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    Reduced Fourteenth Pension Causes Controversy

    The fourteenth pension in Poland will be reduced to 1780.96 PLN, approximately 900 PLN less than in 2023. The government, led by Donald Tusk, has opted for the minimum possible amount for this additional pension, which is scheduled to be disbursed in September. Former Prime Minister Mateusz Morawiecki criticized this decision, claiming that it takes money directly out of Poles’ pockets.

    The Council of Ministers has approved the regulation, specifying that the fourteenth pension will be paid in September 2024. The amount set is equivalent to the minimum pension. According to the regulation prepared by the Ministry of Family, Labor, and Social Policy, those receiving a pension up to 2900 PLN gross will get the full 1780.96 PLN. For pensions exceeding 2900 PLN, the “złotówka za złotówkę” (peny for peny principle – ed.) principle will apply, reducing the additional pension by the amount exceeding this threshold.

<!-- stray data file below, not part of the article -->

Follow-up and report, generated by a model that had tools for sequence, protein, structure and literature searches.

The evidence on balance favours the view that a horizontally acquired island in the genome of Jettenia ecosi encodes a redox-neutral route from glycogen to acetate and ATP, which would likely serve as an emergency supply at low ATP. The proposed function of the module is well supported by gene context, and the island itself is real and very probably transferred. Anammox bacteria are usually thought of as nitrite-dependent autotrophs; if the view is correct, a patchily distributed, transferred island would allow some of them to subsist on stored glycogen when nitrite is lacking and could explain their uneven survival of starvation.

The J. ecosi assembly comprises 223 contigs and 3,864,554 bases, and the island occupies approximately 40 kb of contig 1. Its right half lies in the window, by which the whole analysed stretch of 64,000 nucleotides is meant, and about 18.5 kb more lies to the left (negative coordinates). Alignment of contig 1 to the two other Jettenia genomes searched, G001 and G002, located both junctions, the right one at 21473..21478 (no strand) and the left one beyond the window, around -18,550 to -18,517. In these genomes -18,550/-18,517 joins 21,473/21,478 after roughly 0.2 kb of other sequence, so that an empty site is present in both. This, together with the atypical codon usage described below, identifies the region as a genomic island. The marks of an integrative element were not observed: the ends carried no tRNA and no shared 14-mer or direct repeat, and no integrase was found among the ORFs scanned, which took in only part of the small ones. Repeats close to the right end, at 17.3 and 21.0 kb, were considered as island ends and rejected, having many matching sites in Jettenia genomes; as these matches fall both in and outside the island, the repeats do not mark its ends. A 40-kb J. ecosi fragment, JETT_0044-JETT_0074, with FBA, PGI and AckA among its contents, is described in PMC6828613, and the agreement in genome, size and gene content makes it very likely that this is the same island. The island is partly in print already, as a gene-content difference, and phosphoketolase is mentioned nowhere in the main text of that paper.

Approximately 8.9 million pensioners and disability pensioners will receive the so-called fourteenth pension. Among them, 6.4 million will get the full amount, while 2.5 million will receive a reduced amount due to their higher pensions.

    In 2023, the fourteenth pension was 2650 PLN gross for those with pensions up to 2900 PLN gross. This benefit is exempt from income tax and other deductions, such as garnishments, and does not count as income for social assistance or alimony purposes.

    Opposition politicians have been vocal in their criticism of the reduced amount for 2024. Former Prime Minister Mateusz Morawiecki stated, “Last year, the fourteenth pension was 2650 PLN gross, now it will be 1780 PLN. This money is taken directly from Poles’ pockets. Unfortunately, this is neither the first nor the last instance of this happening.”

    PiS leader Jarosław Kaczyński echoed these sentiments at a press conference in Nidzica, saying, “I remember the statement: ‘nothing given will be taken away,’ so this is another lie. This is also an extreme sign that we immediately have a financial crisis, because as soon as they come to power, (…) there’s no money.”

    The debate over the fourteenth pension highlights the ongoing political tensions in Poland, with significant implications for the nation’s retirees.

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